[1] As Rostovtzeff puts it: ‘For long, history was mainly political history, and historical narrative was confined to an account of the most important crises in political life, or to an account of wars and great generals. But even the Greeks realized that if these facts, the incidents of man’s history in politics and war, are important, it is still more important to ascertain the causes of these incidents and their connexion with one another and with the other phenomena of the life of communities. It has become clear that war, in spite of the profound impression it produces, is only one phase of man’s life, and not the most important phase, and that the origin and course of wars are closely connected with the development of economic, social, and religious life and civilizations’ Mikhail Rostovtzeff, History of the Ancient World  (Oxford: Clarendon, 1926), 7.

[2] Glenn W. Bowersock, “The Social and Economic History of the Roman Empire by Michael Ivanovitch Rostovzeff,” Daedalus: Journal of the American Academy of Arts and Sciences 103, no. 1 (1974): 15-23, 16-17.

[3] Mikhail Rostovtzeff, The Social and Economic History of the Roman Empire  (Oxford: Clarendon, 1926); M. Rostovtzeff, The Social and Economic History of the Hellenistic World, 3 vols. (Oxford: Clarendon, 1941).

[4] Rostovtzeff, The Social and Economic History of the Hellenistic World: vol. 2: 1131.

[5] Rostovtzeff, The Social and Economic History of the Hellenistic World: vol. 2: 1131.

[6] Rostovtzeff, The Social and Economic History of the Hellenistic World: vol. 2: 1031-32.

[7] A.H.M. Jones, “M. I. Rostovtzeff: 1870-1952,” Proceedings of the British Academy 38(1952): 345-61, 359.

[8] Arnaldo Momigliano, Studies in Historiography  (New York: Garland, 1985), 98; see also Reinhold Meyer, “A Critique of Rostovtzeff,” Science and Society 10(1948).

[9] M. Rostovtzeff, “Why the Russian Intelligentsia is Opposed to the Bolshevik Regime,” Struggling Russia 1(1919-20), 793; see also M. Rostovtzeff, “Should Scientists Return to Russia?,” Struggling Russia 1(1919-20); M. Rostovtzeff, “Proletarian Culture in Bolshevik Russia,” Struggling Russia 1(1919-20).

[10] Momigliano, Studies in Historiography: 100.

[11] Rostovtzeff, The Social and Economic History of the Hellenistic World: vol. 1: 163.

[12] Rostovtzeff, The Social and Economic History of the Hellenistic World: vol. 1: 163.

[13] Rostovtzeff, The Social and Economic History of the Hellenistic World: vol. 1: 1115-16.

[14] Rostovtzeff, The Social and Economic History of the Roman Empire: vol 2: 453, note.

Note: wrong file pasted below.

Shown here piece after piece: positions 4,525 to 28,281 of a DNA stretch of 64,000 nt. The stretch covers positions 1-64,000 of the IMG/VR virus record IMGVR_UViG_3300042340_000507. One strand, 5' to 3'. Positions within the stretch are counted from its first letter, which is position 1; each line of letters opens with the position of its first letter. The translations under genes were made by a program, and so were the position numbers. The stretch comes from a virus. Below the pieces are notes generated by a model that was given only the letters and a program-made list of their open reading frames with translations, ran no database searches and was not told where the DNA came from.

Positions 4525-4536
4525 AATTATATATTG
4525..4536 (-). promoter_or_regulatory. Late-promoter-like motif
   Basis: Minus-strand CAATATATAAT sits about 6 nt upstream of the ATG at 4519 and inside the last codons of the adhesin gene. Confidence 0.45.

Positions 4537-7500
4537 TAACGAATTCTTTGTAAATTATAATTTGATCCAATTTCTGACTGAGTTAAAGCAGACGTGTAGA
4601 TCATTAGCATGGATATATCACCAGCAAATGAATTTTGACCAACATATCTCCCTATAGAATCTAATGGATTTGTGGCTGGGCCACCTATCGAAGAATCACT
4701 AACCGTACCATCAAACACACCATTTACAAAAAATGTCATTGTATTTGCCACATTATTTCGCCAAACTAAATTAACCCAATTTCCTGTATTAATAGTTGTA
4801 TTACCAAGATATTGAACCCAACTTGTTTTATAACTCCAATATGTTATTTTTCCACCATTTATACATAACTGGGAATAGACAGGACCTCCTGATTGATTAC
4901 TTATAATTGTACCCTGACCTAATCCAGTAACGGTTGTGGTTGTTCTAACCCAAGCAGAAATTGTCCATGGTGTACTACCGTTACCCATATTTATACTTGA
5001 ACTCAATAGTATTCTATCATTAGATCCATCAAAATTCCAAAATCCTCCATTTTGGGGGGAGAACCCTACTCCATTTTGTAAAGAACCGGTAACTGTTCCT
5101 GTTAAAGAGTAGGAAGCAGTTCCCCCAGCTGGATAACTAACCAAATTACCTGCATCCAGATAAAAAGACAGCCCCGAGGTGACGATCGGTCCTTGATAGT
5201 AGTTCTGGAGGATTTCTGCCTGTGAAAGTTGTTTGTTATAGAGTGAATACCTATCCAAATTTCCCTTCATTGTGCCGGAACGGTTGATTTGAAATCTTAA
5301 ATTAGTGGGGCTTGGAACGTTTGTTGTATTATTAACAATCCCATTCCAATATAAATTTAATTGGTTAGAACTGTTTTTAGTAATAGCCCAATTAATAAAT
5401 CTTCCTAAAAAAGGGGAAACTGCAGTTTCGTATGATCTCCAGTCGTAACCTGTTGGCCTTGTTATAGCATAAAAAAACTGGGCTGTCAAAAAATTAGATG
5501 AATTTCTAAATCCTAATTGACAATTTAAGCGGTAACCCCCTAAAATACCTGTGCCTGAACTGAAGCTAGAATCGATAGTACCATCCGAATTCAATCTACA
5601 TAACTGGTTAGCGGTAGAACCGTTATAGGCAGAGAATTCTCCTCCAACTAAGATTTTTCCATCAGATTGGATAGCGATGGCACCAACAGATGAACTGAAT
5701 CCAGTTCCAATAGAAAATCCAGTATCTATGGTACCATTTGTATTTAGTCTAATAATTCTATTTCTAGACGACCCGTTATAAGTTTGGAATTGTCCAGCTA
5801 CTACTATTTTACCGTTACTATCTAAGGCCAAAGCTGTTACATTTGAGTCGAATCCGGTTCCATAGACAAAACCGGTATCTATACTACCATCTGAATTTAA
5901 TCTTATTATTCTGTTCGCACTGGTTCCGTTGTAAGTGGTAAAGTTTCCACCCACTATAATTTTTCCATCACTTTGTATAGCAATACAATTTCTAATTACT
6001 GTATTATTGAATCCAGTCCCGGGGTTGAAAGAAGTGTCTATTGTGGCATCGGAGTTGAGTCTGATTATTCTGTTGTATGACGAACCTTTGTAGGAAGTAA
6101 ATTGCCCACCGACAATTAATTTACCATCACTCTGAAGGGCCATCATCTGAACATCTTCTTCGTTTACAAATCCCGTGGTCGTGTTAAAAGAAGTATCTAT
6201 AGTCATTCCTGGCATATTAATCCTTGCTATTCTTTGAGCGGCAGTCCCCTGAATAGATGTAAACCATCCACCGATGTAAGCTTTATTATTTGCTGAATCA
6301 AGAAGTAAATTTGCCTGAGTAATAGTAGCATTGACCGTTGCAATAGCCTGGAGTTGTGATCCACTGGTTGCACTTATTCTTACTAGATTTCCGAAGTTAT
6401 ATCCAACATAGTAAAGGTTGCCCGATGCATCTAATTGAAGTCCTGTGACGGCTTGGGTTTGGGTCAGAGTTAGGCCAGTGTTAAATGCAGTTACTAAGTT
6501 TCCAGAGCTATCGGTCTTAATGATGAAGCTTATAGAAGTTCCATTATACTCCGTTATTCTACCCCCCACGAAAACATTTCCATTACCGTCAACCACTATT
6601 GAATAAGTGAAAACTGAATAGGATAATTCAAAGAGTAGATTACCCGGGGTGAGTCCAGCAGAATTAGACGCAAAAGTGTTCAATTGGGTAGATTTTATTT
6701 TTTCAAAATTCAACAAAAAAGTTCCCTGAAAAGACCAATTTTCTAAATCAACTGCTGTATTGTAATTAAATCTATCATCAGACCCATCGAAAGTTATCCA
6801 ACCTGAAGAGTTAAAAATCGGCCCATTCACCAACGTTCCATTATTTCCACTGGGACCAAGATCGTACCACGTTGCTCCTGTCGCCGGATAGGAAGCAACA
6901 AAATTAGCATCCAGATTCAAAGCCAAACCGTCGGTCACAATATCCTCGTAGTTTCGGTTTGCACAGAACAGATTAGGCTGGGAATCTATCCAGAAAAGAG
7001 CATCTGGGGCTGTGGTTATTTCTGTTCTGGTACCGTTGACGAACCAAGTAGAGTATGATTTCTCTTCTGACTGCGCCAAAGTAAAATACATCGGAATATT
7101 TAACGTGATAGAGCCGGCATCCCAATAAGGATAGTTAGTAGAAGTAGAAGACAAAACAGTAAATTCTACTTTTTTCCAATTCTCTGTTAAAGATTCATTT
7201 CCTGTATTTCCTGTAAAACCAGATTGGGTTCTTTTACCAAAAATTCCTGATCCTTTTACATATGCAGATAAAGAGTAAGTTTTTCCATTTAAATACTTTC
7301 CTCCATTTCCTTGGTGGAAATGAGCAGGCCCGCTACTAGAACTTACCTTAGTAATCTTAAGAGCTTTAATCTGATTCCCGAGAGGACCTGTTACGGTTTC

[15] Rostovtzeff, The Social and Economic History of the Roman Empire: vol. 1: 103.

[16] Rostovtzeff was by no means the first to argue for a primitive capitalism in the ancient world. He had read and relied in part on Guiseppe Salvioli, Le capitalisme dans le monde antique  (Paris: Giard & Brière, 1906); Eugène Cavaignac, Population et capital dans le monde méditerranéen antique  (Strasbourg: Librairie Istra, 1923). Yet his proposal was the most comprehensive and influential.

[17] Momigliano, Studies in Historiography: 103.

 

References

Bowersock, Glenn W. “The Social and Economic History of the Roman Empire by Michael Ivanovitch Rostovzeff.” Daedalus: Journal of the American Academy of Arts and Sciences 103, no. 1 (1974): 15-23.

Cavaignac, Eugène. Population et capital dans le monde méditerranéen antique.  Strasbourg: Librairie Istra, 1923.

Jones, A.H.M. “M. I. Rostovtzeff: 1870-1952.” Proceedings of the British Academy 38 (1952): 345-61.

Meyer, Reinhold. “A Critique of Rostovtzeff.” Science and Society 10 (1948).

Momigliano, Arnaldo. Studies in Historiography.  New York: Garland, 1985.

Rostovtzeff, M. “Proletarian Culture in Bolshevik Russia.” Struggling Russia 1 (1919-20).

———. “Should Scientists Return to Russia?”. Struggling Russia 1 (1919-20).

———. The Social and Economic History of the Hellenistic World. 3 vols Oxford: Clarendon, 1941.

———. “Why the Russian Intelligentsia is Opposed to the Bolshevik Regime.” Struggling Russia 1 (1919-20).

Rostovtzeff, Mikhail. History of the Ancient World.  Oxford: Clarendon, 1926.

———. The Social and Economic History of the Roman Empire.  Oxford: Clarendon, 1926.

Salvioli, Guiseppe. Le capitalisme dans le monde antique.  Paris: Giard & Brière, 1906.